The first half was a complete non-event. Yongchang proved to be a very difficult side to break down, and our attack perhaps lacked the edge it had before the Changchun game. Steve had a chance to break the deadlock early in the second half, but put his shot straight at the keeper. Tae-Goon did likewise, but at least we were looking livelier.
That, of course, proved to be the perfect time for Yongchang to deliver the sucker punch. Mulenga rose above our centre backs, who just can’t jump that high, to head his side into the lead.
After that, we were scrambling for an equaliser. We came agonisingly close when Tae-Goon had a shot deflected onto the post, and then somehow had the rebound blocked off the line and out for a corner. The luck was on Yongchang’s side, and they walked away with three valuable points.
From three wins on the bounce to two defeats in a row. Football, eh?
Frankly, it was going to be three defeats in a row. Guangzhou were unbeaten in the league still, practically strolling to yet another title, with Jackson Martinez averaging over a goal per game. Playing them away from home is the Chinese equivalent to travelling to Barcelona and Real Madrid; you might as well write it off as a loss in advance and prepare for a beating.
At least, that was how I felt, until Scolari decided to mouth off at his press conference. He labelled our over-achievement in the league a fluke, and predicted a sharp decline in results once teams worked us out. To use an old cliché, Scolari had done my team talk for me.
Before the game, an old club favourite helpfully pointed out that Jackson Martinez was a threat, and I responded appropriately. Focusing on a single player against these big teams was always going to be risky, but cutting off the service to him was the only way we would get through the game without being humiliated.
The set-up worked, for a short while at least. We limited Guangzhou to harmless long range efforts, and even tested their keeper with a shot and forced a corner. Yet even when these sorts of sides aren't playing well, they still have players that can produce something out of nothing. Step forward Paulinho, the Spurs flop, to fire one in from 30 yards, and I'm left shaking my head wondering just what the hell I was supposed to do about that. My keeper probably felt the same.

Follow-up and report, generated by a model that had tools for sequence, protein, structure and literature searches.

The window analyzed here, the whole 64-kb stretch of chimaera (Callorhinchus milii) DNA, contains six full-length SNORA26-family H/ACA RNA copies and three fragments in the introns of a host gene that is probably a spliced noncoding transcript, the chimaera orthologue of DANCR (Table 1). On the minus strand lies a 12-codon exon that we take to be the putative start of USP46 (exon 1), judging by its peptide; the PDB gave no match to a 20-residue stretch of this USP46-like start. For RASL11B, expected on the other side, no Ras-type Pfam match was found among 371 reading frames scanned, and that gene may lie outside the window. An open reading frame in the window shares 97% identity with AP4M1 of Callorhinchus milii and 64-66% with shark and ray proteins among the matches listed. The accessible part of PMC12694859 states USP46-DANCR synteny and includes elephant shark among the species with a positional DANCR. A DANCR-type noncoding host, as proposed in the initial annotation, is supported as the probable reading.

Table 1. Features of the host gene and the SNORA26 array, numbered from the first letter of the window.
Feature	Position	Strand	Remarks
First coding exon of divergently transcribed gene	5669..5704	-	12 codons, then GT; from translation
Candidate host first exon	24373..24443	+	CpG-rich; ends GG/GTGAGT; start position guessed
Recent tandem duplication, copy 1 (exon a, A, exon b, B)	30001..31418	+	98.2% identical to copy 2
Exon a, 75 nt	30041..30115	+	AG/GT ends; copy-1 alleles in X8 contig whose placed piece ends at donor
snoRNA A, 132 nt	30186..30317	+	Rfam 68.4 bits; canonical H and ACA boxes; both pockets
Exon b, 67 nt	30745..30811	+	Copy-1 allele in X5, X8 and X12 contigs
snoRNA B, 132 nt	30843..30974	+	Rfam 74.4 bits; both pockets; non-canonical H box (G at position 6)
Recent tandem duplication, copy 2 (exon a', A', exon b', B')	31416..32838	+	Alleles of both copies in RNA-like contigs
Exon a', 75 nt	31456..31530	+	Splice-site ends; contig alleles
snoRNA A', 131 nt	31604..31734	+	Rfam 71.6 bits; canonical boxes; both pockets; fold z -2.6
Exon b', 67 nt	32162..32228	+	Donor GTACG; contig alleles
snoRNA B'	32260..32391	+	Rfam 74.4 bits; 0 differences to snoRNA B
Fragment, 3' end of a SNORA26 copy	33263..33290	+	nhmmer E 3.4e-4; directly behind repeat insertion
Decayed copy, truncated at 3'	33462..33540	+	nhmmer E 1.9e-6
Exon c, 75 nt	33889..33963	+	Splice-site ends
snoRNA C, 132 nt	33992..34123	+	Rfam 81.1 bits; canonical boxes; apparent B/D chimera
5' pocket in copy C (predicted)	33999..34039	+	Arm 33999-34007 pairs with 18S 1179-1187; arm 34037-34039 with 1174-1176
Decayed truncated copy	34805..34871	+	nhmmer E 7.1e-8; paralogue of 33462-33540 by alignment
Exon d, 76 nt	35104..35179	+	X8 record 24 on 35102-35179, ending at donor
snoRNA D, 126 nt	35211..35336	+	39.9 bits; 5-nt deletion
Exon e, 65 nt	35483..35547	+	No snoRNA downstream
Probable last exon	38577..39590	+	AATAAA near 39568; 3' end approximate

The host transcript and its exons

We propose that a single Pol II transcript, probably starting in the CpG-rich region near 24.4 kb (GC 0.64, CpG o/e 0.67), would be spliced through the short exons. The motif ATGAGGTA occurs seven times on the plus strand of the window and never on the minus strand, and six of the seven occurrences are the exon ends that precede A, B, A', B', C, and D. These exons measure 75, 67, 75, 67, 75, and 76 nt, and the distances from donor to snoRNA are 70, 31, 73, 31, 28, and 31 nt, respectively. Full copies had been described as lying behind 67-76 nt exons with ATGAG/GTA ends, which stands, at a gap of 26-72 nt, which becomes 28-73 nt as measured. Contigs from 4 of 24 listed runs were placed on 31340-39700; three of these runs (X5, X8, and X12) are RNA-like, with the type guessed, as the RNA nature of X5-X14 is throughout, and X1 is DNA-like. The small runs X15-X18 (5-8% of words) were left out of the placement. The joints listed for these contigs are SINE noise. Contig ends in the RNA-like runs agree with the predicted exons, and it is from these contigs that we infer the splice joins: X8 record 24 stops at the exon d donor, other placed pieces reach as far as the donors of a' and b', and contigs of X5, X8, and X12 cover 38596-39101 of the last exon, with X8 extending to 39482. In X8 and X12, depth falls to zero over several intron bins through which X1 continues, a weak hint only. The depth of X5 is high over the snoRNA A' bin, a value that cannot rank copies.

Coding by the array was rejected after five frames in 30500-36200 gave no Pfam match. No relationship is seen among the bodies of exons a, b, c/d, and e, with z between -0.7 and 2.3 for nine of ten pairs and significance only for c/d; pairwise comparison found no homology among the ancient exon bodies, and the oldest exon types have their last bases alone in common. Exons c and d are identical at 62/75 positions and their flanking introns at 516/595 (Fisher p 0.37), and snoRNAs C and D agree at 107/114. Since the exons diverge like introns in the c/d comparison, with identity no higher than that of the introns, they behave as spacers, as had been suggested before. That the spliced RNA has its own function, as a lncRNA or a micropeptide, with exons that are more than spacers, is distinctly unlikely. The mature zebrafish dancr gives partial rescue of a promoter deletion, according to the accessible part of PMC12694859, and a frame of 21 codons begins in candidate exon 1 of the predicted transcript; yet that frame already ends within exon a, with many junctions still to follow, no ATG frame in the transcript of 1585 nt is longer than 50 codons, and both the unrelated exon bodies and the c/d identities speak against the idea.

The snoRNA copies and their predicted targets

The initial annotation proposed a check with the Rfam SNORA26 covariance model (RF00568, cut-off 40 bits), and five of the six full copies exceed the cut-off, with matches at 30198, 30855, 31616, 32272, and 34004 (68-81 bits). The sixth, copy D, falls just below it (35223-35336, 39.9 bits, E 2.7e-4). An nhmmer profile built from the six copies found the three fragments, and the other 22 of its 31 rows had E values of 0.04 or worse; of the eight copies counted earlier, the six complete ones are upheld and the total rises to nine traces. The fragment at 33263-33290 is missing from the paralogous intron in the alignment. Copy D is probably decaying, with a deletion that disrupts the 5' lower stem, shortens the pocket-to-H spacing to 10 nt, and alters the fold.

Still, Guangzhou continued to not play at their best, and we continued to restrict them to long range efforts. 60 minutes in, Jackson Martinez was subbed off, having not had a kick, and I took it as a small victory. Seung-Dae continued to be a pest with his runs in behind, but he couldn't produce a good enough finish to get us back in the game. Eventually, they got that important second goal when our concentration finally slipped.
Yes, it was three defeats in a row, but I felt proud of our performance against the Champions and spirits were still high. Guangzhou’s mammoth shot count was deceptive: 14 of them were long ranged effort, the vast majority coming from Paulinho, who’s performance was the very epitome of the old adage “throw enough crap at something and eventually something will stick”.
As far the table was concerned, we were still looking good:
The teams at the bottom continued to struggle, and we had a nice gap between us and them. All we needed was to get back to winning ways quickly and ensure we kept that gap nice and wide.
Elsewhere in the world, the European season was coming to an end. Manchester City, Real Madrid, Juventus, Bayern Munich and PSG won their respective leagues, while Juventus beat Arsenal in the Champions League final. And as summer approached, so too did the Rio Olympics. China’s U23 side were drawn in a group with Brazil, Sweden and USA. I’ll be astonished if they win against any of those sides.
So ends May. June doesn’t get any easier with games against title challengers Beijing and Shandong, and the cup game against Jiangsu. I hope you join us for those because we might need your support.